champerty


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cham·per·ty

 (chăm′pər-tē)
n. pl. cham·per·ties
A sharing in the proceeds of a lawsuit by an outside party who has funded or assisted in funding the litigation.

[Middle English champartie, from Old French champart, the lord's share of the tenant's crop, from Medieval Latin campars, campīpars : Latin campī, genitive of campus, field; see campus + Latin pars, part; see part.]

cham′per·tous (-təs) adj.

champerty

(ˈtʃæmpətɪ)
n, pl -ties
(Law) law (formerly) an illegal bargain between a party to litigation and an outsider whereby the latter agrees to pay for the action and thereby share in any proceeds recovered. See also maintenance
[C14: from Anglo-French champartie, from Old French champart share of produce, from champ field + part share (a feudal lord's)]
ˈchampertous adj

cham•per•ty

(ˈtʃæm pər ti)

n.
a sharing in the proceeds of litigation in return for helping to prosecute or defend a case.
[1300–50; Middle English champartie <champart < Middle French: share of the produce (=champ field (see camp1) + part share, part)]
cham′per•tous, adj.
ThesaurusAntonymsRelated WordsSynonymsLegend:
Noun1.champerty - an unethical agreement between an attorney and client that the attorney would sue and pay the costs of the client's suit in return for a portion of the damages awarded; "soliciting personal injury cases may constitute champerty"
actus reus, wrongful conduct, misconduct, wrongdoing - activity that transgresses moral or civil law; "he denied any wrongdoing"
law, jurisprudence - the collection of rules imposed by authority; "civilization presupposes respect for the law"; "the great problem for jurisprudence to allow freedom while enforcing order"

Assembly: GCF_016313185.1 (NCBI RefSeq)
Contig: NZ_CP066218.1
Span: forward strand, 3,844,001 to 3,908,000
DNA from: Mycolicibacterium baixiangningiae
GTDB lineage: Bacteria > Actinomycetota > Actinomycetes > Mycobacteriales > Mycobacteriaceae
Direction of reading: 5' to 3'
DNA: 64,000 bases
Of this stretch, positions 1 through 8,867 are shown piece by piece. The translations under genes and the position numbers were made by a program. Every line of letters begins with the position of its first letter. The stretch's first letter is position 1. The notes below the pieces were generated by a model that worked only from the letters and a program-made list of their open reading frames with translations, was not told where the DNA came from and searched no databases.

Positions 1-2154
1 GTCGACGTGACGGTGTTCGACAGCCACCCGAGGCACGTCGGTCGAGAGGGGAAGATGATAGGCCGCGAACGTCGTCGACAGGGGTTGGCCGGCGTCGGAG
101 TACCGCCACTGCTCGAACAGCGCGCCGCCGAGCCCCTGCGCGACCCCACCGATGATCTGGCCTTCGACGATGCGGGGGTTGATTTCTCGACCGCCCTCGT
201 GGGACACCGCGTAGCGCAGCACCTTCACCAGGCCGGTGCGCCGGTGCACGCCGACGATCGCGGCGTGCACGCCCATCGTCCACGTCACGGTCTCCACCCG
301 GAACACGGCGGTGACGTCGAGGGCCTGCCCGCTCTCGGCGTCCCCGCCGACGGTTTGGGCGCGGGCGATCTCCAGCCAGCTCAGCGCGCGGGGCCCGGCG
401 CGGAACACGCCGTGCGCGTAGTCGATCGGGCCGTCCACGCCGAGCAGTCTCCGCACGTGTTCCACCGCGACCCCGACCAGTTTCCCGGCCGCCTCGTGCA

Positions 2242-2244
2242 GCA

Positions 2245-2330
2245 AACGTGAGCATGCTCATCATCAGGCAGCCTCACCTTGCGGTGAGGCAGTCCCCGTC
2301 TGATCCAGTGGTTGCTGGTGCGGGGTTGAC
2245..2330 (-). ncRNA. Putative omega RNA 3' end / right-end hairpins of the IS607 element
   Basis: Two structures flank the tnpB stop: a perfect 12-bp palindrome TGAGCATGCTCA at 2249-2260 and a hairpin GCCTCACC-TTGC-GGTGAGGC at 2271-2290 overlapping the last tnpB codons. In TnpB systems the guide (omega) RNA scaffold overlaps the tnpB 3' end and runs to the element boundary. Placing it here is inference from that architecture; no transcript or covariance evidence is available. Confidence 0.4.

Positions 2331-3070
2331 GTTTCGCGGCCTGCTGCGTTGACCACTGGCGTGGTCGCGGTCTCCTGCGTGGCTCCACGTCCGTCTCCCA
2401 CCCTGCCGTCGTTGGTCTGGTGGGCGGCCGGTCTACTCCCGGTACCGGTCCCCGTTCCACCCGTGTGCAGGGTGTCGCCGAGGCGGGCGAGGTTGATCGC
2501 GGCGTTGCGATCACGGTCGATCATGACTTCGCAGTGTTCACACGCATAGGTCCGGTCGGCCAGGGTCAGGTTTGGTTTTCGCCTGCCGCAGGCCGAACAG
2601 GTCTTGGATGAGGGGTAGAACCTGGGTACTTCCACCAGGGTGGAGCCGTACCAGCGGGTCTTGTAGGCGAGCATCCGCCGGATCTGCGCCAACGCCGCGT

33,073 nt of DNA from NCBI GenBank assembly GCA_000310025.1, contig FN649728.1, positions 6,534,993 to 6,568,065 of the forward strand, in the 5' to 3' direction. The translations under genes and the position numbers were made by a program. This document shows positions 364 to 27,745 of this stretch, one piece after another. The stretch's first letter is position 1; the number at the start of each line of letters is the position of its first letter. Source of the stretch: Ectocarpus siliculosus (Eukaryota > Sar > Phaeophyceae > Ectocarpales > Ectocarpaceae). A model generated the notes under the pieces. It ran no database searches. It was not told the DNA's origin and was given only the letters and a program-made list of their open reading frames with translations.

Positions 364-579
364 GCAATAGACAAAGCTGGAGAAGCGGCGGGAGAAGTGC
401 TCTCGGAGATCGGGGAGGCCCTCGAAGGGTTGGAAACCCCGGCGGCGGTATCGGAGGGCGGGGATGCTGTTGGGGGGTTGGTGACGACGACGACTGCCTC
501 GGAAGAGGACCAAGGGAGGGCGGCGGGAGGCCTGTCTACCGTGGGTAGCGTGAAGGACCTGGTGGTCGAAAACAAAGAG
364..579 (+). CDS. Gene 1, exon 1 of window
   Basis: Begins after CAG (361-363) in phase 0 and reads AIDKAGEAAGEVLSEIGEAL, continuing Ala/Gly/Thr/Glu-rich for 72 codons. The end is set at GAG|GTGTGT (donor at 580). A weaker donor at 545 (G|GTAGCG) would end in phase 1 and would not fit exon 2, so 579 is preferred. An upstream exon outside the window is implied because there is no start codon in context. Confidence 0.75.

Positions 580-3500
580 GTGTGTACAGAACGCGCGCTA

References in periodicals archive ?
The first set of amendments is made to both our Arbitration Ordinance and our Mediation Ordinance, and which clarifies that third-party funding for arbitration and mediation is not prohibited by the common law doctrines of maintenance and champerty.
In addition to RICO, Feld also asserted claims under the Virginia Conspiracy Act and for common law abuse of process, malicious prosecution, maintenance, and champerty.
8 (e) is the result of the common law rules against champerty and maintenance.
Recent work includes acting for the wife in financial and divorce proceedings, which involved issues of champerty and wasted costs.
Champerty, Maintenance, and the Rise of the Contingent Fee Model
As a longstanding element of English common law, the doctrine of champerty forbids the acquisition of a debt solely for the purpose of bringing a lawsuit to collect the debt.
another," (38) and champerty, which involves "a bargain to
Thankfully, third party funding is no longer illegal - prohibitions on champerty and maintenance have fallen away in most US states.
Thankfully, third party funding is no longer illegal -- prohibitions on champerty and maintenance have fallen away in most US states.
208) But after-purchasers of stock are not "strangers" to the dispute as under the old doctrines of champerty or maintenance, in that the purchase of shares "necessarily gives the acquirer an equitable interest in the underlying corporation.
Whereas the judicial, legislative, and scholarly treatment of litigation finance has regarded litigation finance first and foremost as a form of champerty and sought to regulate it through rules of legal professional responsibility (hereinafter, the "legal ethics paradigm"), this Article suggests that the problems created by litigation finance are all facets of the classic problems created by "the separation of ownership and control" that have been a focus of business law since the advent of the corporate form.